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A recent phase 1b clinical trial investigated the use of pegilodecakin in combination with anti-PD-1 monoclonal antibodies nivolumab or pembrolizumab. The combination showed a “favourable” response in patients with non-small cell lung cancer and kidney cancer.
Pegilodecakin works by stimulating the survival, proliferation and “killing” potential of CD8+ T cells, which can recognise and destroy cancer cells. Pegilodecakin complements the action of anti-PD1 monoclonal antibodies, such as nivolumab and pembrolizumab, when given in combination.
One hundred and eleven pre-treated patients were randomised in the phase 1b trial: renal cell carcinoma (34%), melanoma (33%), non-small cell lung cancer (31%), triple-negative breast cancer (less than 1%) and bladder cancer (less than 1%). Patients were separated into two groups — 53 received pegilodecakin plus pembrolizumab and 58 received pegilodecakin plus nivolumab. Tumours shrunk in 43% of patients with non-small cell lung cancer and 40% of patients with kidney cancer. In the patients with melanoma, only 10% saw a reduction.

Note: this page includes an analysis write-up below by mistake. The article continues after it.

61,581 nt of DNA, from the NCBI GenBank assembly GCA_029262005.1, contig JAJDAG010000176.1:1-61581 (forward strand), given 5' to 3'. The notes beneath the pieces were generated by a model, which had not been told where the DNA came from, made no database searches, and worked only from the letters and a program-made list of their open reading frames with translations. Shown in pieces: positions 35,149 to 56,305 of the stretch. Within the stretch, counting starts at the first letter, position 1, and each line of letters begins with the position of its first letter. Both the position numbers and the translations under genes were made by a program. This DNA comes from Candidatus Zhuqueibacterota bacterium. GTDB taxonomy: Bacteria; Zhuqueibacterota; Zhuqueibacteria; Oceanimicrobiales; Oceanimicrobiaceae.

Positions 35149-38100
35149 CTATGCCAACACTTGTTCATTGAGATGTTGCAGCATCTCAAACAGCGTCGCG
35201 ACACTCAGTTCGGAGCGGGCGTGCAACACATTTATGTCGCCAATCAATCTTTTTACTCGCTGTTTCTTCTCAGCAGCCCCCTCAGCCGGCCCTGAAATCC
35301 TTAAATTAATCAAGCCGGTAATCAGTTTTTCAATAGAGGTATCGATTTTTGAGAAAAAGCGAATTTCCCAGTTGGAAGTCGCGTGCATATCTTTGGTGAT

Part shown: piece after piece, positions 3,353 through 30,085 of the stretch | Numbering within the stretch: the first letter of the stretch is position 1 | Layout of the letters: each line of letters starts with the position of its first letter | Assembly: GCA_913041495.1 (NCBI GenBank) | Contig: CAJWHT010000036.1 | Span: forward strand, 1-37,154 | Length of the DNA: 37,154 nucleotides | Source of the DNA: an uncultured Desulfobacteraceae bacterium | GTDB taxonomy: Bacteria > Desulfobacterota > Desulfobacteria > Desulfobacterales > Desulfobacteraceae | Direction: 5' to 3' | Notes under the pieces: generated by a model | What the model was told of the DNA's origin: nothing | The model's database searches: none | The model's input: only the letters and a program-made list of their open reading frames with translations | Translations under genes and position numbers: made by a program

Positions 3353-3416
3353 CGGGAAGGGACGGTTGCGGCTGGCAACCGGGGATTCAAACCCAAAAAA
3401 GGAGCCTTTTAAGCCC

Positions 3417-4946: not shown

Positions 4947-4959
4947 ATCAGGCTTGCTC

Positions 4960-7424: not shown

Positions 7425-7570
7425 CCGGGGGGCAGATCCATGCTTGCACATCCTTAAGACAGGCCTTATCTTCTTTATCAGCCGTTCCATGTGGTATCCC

The most common side effects were anaemia, fatigue, low blood platelet counts and high triglycerides (a type of fat found in the blood that provides the body with energy).
“The activity of pegilodecakin in combination with anti-PD-1 monoclonal antibodies introduces a new class of drugs to the treatment of advanced solid tumours,” said Dr Aung Naing from The University of Texas MD Anderson in Houston. “Future randomised trials hopefully will determine the tolerability and clinical benefits of pegilodecakin as a single agent and in combinations in a range of cancers.” He continued, “Pegilodecakin with anti-PD-1 monoclonal antibodies had a manageable toxicity profile and promising anti-tumour activity.”